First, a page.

Press Release: January 21, 2010
The deadline for entries is 1 Feb, so if you want to run for Deafness Research UK, you are encouraged to contact the charity as soon as possible.
Sue Bowcock, Community and Events Officer for Deafness Research UK, said: You can enjoy the challenge of running a full marathon and raise vital funds for hearing research. We are probably one of the easiest options for anyone thinking about running the marathon, and any funds raised will make a real difference to our ability to conduct further life changing research for children and adults across the UK.
Unlike some other charities, we do not demand a minimum sponsorship figure and we are not necessarily looking for experienced club runners. As long as you are fit enough to take on the challenge, are prepared to do the training and want to run for Deafness Research UK, we look forward to receiving enquiries from interested parties over the next week or two.
For further information, contact Sue Bowcock on 0207 679 8965 or e-mail her at email@example.com
The first ever Brighton Marathon is sure to be a massive success, added Sue. The event will take place in the beautiful, and thankfully flat, seaside resort of Brighton. The organisers are fantastic supporters of small charities like ours and we hope that this will be a big fundraiser for Deafness Research UK. All we ask for is the £95 registration fee, plus as much sponsorship as you can raise for the charity.
Notes to editors
Registration fee includes:
Covered Charity Runner Hospitality at the Start Area (accompanied access @ £2 per person): to include food & drink, extra toilets, and dedicated baggage drop-off.
Covered Charity Runner Hospitality at the Finish Area (accompanied access free if fee paid at Start, otherwise same fee of £2 per head applies): to include food & drink, extra toilets, and dedicated baggage pick-up.
Red Charity Runner wristband to ensure entry to exclusive charity areas.
Colour coded Red Charity Bib Number for race.
Finisher Goody Bag.
About Deafness Research UK
Deafness Research UK is the countrys only charity dedicated to finding new cures, treatments and technologies for deaf, hard of hearing and other hearing impaired people.
The charity supports high quality medical research into the prevention, diagnosis and treatment of all forms of hearing impairment including tinnitus.
The Deafness Research UK Information Service provides free information and advice based on the latest scientific evidence and informed by leading experts. The Information Service can be contacted on Freephone 0808 808 2222
For more information on research into deafness, tinnitus and other hearing conditions, log on to the website at www.deafnessresearch.org.uk where you can access a wide range of information. Alternatively you can e-mail Deafness Research UK at firstname.lastname@example.org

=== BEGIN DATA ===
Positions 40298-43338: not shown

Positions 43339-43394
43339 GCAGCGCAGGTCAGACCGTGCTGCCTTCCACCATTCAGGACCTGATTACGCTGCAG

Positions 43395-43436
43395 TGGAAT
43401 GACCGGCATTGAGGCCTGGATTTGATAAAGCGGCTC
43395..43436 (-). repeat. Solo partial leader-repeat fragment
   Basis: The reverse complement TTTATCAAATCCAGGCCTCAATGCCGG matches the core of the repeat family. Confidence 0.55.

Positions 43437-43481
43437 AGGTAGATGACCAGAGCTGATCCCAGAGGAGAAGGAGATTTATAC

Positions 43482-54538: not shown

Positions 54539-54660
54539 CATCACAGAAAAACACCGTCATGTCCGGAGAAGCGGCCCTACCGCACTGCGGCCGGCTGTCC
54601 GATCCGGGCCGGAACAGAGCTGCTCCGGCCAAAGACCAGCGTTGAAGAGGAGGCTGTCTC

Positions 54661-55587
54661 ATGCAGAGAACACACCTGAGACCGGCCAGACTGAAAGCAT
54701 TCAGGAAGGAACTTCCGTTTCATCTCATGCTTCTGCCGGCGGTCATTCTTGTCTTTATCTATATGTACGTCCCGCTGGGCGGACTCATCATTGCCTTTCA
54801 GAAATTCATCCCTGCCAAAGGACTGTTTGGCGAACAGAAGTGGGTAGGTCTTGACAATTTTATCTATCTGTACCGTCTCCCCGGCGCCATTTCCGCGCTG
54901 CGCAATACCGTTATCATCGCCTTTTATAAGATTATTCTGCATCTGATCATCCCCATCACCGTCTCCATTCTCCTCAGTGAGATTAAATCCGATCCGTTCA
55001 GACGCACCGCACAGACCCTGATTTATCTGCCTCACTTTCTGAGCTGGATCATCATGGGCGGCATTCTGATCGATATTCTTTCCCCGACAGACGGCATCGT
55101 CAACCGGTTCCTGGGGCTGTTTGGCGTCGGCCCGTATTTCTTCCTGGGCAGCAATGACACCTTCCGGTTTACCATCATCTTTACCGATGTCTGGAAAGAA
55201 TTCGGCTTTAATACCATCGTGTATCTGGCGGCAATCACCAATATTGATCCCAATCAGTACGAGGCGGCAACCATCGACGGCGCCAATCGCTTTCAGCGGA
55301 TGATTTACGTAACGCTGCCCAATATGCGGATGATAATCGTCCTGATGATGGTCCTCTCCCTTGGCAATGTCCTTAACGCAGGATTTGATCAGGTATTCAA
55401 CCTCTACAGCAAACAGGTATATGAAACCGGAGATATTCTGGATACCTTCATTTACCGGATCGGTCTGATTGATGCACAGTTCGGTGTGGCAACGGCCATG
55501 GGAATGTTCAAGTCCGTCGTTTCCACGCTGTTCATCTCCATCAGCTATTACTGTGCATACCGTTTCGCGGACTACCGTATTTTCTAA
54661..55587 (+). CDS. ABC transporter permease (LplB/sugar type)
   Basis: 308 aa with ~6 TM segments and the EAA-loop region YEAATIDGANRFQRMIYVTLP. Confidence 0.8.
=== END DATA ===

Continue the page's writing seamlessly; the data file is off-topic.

One in seven people in the UK almost nine million people - suffer hearing loss.
Deafness Research UK was founded in 1985 by Lord (Jack) and Lady Ashley of Stoke.
In January 2008, Action for Tinnitus Research (ATR) was linked with Deafness Research UK under a uniting direction order under section 96(6) of the Charities Act 1993.
Scientific & medical advances
Since its creation in 1985, Deafness Research UK has awarded over £10 million in research grants to secure radical improvements in the prevention, diagnosis and treatment of all forms of hearing impairment.
The advances we have been responsible for include:
the development of the Otoacoustic Emissions (OAE) test to enable doctors to identify hearing impaired babies at birth. /cont
research into more effective cochlear implant devices and services, including assessment, fitting and rehabilitation procedures for children.
improvements in signal processing for digital hearing aids in order to help improve speech discrimination and understanding, particularly in noisy environments
the isolation of genes responsible for many forms of inherited deafness including the most important breakthrough that mutations in the Connexin-26 gene cause a significant proportion of congenital and childhood deafness
research into preventing or repairing inner ear damage, including funding researchers who were the first to report that hair cells in the mammalian balance system can regenerate
the discovery that an overproduction of the neurotransmitter glutamate can be linked to tinnitus, a finding which could lead to new drug treatments for the condition.
Further Deafness Research UK achievements can be found at www.deafnessresearch.org.uk and following the achievements button. A direct link follows here:
Jon Gardner, Beyond PR
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